[IRP] Brainstorm...What do we call the punchy principles?

Lee W McKnight lmcknigh
Tue Mar 22 13:56:40 EET 2011


Looks fantastic, three insignificant ; )  things: 

in first line, substitute 'must' for 'should.'

in 1st right, insert 'be' after 'must'

in 8th right, insert 'to' before 'the'

From: irp-bounces at lists.internetrightsandprinciples.org [irp-bounces at lists.internetrightsandprinciples.org] On Behalf Of Lisa Horner [LisaH at global-partners.co.uk]
Sent: Tuesday, March 22, 2011 6:41 AM
To: irp at lists.internetrightsandprinciples.org
Subject: Re: [IRP] Brainstorm...What do we call the punchy principles?

Okey dokey, looks like I've been outvoted! ;-)  10 Internet Rights and Principles it is then!
(Ian - I just saw your email after writing this....Lee made the point that we don't need an adjective as we wouldn't put together a list of principles that we didn't think were important....hope you're ok to leave it adjective-less?).

Based on everyone's comments, the latest draft is below. Plus an introductory blurb. Hope I've got everything....

There's a big "securing the cyber commons" conference at the Munk school in Toronto at the end of the week.  If we finalise the text by tomorrow, Brett will be able to get them printed to take them along, and also to Stockholm next week.  So if you'd like to make any other comments, please do so now.  I hope everyone's happy with that plan...?
Thanks for all the contributions...this is exciting!

All the best,


This document defines ten key rights and principles that should form the basis of Internet governance.  They have been compiled by the Internet Rights and Principles Dynamic Coalition (IRP), an open network of individuals and organisations working to uphold human rights in the Internet environment. The principles are rooted in international human rights standards, and derive from the coalition's emerging Charter of Human Rights and Principles for the Internet.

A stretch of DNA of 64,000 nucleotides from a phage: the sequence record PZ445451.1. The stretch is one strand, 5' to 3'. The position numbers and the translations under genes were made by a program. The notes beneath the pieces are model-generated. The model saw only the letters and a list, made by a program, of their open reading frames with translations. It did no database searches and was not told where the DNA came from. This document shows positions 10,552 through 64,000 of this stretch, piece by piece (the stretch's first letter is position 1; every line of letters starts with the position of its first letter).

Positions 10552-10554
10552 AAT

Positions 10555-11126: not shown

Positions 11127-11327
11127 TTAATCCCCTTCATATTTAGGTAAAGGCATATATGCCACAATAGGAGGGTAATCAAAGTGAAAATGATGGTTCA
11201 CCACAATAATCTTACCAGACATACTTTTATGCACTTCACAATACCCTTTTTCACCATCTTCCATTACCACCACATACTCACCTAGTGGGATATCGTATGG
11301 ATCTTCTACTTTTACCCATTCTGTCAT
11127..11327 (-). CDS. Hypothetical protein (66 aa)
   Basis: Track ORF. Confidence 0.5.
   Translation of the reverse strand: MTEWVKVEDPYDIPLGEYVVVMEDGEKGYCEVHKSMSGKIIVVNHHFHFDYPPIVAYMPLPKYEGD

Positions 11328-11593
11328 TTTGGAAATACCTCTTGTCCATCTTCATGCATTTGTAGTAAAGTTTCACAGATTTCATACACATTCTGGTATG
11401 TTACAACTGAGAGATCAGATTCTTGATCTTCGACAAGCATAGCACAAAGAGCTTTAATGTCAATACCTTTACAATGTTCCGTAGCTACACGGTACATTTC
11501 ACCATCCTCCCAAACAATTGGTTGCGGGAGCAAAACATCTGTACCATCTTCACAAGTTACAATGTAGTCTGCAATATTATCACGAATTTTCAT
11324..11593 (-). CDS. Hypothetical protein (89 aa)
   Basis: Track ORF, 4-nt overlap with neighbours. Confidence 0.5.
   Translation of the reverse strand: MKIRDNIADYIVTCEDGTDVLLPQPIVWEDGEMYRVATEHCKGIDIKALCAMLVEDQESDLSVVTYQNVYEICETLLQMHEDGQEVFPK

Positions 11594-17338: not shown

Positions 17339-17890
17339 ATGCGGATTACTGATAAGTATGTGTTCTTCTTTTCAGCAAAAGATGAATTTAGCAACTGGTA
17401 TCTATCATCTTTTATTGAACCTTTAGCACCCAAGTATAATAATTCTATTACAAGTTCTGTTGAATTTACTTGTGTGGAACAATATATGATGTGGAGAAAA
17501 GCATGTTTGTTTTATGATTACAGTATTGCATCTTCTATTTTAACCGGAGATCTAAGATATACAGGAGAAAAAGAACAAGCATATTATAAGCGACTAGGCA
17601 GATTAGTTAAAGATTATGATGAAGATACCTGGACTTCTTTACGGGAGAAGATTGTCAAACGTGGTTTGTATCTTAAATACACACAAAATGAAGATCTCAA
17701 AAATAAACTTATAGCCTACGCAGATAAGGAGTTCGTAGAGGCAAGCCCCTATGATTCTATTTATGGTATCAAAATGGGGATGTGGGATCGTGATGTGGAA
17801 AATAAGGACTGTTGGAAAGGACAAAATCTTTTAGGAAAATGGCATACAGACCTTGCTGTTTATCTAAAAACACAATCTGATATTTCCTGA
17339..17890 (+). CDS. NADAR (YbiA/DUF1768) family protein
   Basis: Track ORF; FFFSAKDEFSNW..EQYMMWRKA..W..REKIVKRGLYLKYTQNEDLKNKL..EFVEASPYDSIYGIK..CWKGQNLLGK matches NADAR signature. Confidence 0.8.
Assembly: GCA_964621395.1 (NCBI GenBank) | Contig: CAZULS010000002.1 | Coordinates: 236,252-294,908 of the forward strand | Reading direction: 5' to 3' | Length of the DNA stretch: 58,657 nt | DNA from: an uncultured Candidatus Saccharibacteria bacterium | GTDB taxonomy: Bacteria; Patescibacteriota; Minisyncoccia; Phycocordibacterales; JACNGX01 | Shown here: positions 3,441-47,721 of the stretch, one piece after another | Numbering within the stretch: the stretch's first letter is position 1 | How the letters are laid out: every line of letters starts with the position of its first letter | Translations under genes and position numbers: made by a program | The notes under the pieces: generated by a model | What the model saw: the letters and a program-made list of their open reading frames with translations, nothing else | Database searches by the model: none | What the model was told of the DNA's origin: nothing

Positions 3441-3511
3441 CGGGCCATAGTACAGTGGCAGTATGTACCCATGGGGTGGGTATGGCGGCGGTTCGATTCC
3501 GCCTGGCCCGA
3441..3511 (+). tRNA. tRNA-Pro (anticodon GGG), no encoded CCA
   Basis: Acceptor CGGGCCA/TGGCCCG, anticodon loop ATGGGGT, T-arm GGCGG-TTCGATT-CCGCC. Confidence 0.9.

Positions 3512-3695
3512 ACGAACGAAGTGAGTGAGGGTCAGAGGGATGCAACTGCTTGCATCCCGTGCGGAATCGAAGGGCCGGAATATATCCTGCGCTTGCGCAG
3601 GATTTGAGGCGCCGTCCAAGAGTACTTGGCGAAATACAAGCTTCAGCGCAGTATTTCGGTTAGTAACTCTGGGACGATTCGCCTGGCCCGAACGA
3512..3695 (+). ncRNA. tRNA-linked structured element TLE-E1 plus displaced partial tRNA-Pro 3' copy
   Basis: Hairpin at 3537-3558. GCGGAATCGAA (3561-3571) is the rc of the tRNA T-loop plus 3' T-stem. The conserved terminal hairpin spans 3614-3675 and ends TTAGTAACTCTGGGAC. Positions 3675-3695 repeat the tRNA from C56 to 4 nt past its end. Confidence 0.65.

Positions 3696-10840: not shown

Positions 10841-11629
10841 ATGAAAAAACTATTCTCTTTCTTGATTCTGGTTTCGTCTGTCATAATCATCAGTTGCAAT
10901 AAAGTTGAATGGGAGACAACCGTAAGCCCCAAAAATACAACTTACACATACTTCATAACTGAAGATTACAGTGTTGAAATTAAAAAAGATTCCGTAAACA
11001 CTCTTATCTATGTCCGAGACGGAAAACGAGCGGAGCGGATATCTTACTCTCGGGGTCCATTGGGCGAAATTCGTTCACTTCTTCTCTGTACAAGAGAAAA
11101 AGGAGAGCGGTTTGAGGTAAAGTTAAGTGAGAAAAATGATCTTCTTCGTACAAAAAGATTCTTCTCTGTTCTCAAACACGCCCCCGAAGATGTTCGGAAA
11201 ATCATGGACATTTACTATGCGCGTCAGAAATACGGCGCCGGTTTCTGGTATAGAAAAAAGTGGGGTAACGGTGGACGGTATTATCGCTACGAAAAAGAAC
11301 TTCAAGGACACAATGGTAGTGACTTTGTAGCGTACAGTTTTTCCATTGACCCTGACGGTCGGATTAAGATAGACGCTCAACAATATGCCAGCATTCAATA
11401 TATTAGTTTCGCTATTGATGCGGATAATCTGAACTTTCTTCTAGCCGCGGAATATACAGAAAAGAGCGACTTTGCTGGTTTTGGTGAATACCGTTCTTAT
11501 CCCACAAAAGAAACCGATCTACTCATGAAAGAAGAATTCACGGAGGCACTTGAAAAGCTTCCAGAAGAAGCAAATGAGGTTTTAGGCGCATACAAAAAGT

The Internet offers unprecedented opportunities for the realisation of human rights, and plays an increasingly important role in our everyday lives.  It is therefore essential that all actors, both public and private, respect and protect human rights on the Internet.  Steps must also be taken to ensure that the Internet operates and evolves in ways that fulfil human rights to the greatest extent possible.  To help realise this vision of a rights-based Internet environment, the 10 Rights and Principles are:

1) Universality and Equality
All humans are born free and equal in dignity and rights, which must respected, protected and fulfilled in the online environment

2) Rights and Social Justice
The Internet is a space for the promotion, protection and fulfilment of human rights. Everyone has the duty to respect the human rights of all others in the online environment.

3) Accessibility
Everyone has an equal right to access and use a secure and open Internet.

4) Expression
Everyone has the right to seek, receive, and impart information freely on the Internet without censorship or other interference. Everyone has the right to communicate anonymously online.

5) Privacy
Everyone has the right to privacy online, free from surveillance, including the right to control how their personal data is collected, used, disclosed, retained and disposed.

6) Life, liberty and security
The rights to life, liberty, and security must be respected, protected and fulfilled online. These rights must not be infringed upon, or used to infringe other rights, in the online environment.

7) Diversity
Cultural and linguistic diversity on the Internet must be promoted, and technical and policy innovation should be encouraged to facilitate diversity of expression.

8) Neutrality
Everyone shall have universal, flexible, and open access the Internet's content, free from discriminatory prioritisation, filtering or traffic control.

9) Standards and regulation
The Internet's architecture shall be based on open standards that facilitate interoperability and inclusion of all for all.

10) Governance
Human rights and social justice must form the legal and normative foundations upon which the Internet operates and is governed. This shall happen in a transparent and multilateral manner, based on principles of openness, inclusive participation and accountability.

For more information and to get involved visit www.irpcharter.org
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